“The clock is ticking for President Biden and White House officials to broker an agreement among congressional Democrats on the president’s economic agenda as patience in some corners wears thin.”
So says The Hill, with less than two weeks to go until the latest deadline for passage of both the bipartisan infrastructure bill and the larger, one-party social spending and climate bill. While the popular infrastructure bill has been ready to go for two months — just a House vote away from Biden’s desk — Democrats haven’t even decided yet what will go in the other package.
The New York Times says lawmakers are “still at odds. … Liberals remain insistent that the bill — initially conceived as a cradle-to-grave social safety net overhaul on par with the Great Society of the 1960s — include as many programs as possible, while more moderate lawmakers have called for large investments in just a few key initiatives.” Of course, the Great Society was passed in a very different way, under very different circumstances. It consisted of nearly 200 bills, not two; the major components passed with bipartisan support; and the president at the time had just been elected in a landslide, with sweeping majorities in both houses.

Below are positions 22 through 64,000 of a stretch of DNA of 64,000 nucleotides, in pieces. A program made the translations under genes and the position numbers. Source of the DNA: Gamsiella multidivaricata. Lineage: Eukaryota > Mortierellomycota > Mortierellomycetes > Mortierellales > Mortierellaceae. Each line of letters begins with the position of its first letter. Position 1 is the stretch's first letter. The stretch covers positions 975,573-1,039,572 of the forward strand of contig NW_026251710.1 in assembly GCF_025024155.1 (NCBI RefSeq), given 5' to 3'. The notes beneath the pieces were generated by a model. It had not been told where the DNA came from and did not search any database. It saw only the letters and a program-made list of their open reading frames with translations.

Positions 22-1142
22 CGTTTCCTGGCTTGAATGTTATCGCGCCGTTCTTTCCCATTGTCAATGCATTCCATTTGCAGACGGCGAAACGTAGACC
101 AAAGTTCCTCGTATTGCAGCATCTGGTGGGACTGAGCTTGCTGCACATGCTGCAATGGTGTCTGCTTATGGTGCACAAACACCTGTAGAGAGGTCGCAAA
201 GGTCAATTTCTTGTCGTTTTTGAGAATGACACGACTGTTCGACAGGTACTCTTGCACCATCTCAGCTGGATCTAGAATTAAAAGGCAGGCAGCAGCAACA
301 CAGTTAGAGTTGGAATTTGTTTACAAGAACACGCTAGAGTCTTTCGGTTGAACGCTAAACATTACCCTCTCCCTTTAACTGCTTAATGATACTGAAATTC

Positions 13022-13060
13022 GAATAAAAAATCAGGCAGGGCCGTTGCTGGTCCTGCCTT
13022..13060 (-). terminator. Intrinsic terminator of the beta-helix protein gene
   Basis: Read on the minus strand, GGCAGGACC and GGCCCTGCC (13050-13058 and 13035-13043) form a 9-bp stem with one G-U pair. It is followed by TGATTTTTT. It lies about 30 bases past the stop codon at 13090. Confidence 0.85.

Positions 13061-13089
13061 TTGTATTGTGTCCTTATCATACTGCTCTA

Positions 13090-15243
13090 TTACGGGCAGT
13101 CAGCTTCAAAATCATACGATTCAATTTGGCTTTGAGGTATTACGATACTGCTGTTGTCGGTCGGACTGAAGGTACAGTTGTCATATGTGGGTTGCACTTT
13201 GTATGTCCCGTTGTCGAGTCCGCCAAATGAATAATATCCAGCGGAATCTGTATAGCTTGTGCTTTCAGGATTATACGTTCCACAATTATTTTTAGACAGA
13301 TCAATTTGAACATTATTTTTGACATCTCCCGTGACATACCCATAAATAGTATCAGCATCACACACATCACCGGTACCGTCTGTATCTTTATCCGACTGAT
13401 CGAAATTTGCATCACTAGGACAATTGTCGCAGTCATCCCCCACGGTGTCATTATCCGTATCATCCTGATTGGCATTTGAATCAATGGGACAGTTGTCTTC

Biden desperately needs a win, and he alone can break through the impasse. As Dan Balz of the Washington Post writes, Biden needs to sit down with Speaker Pelosi and Senate Majority Leader Schumer “to settle on something and persuade all sides to get behind it. He has shown patience or passivity, depending on the perspective, but the time for choosing is not far into the future.”
The popular bipartisan infrastructure bill can be on Biden’s desk by Halloween. All he has to do is pick up the phone.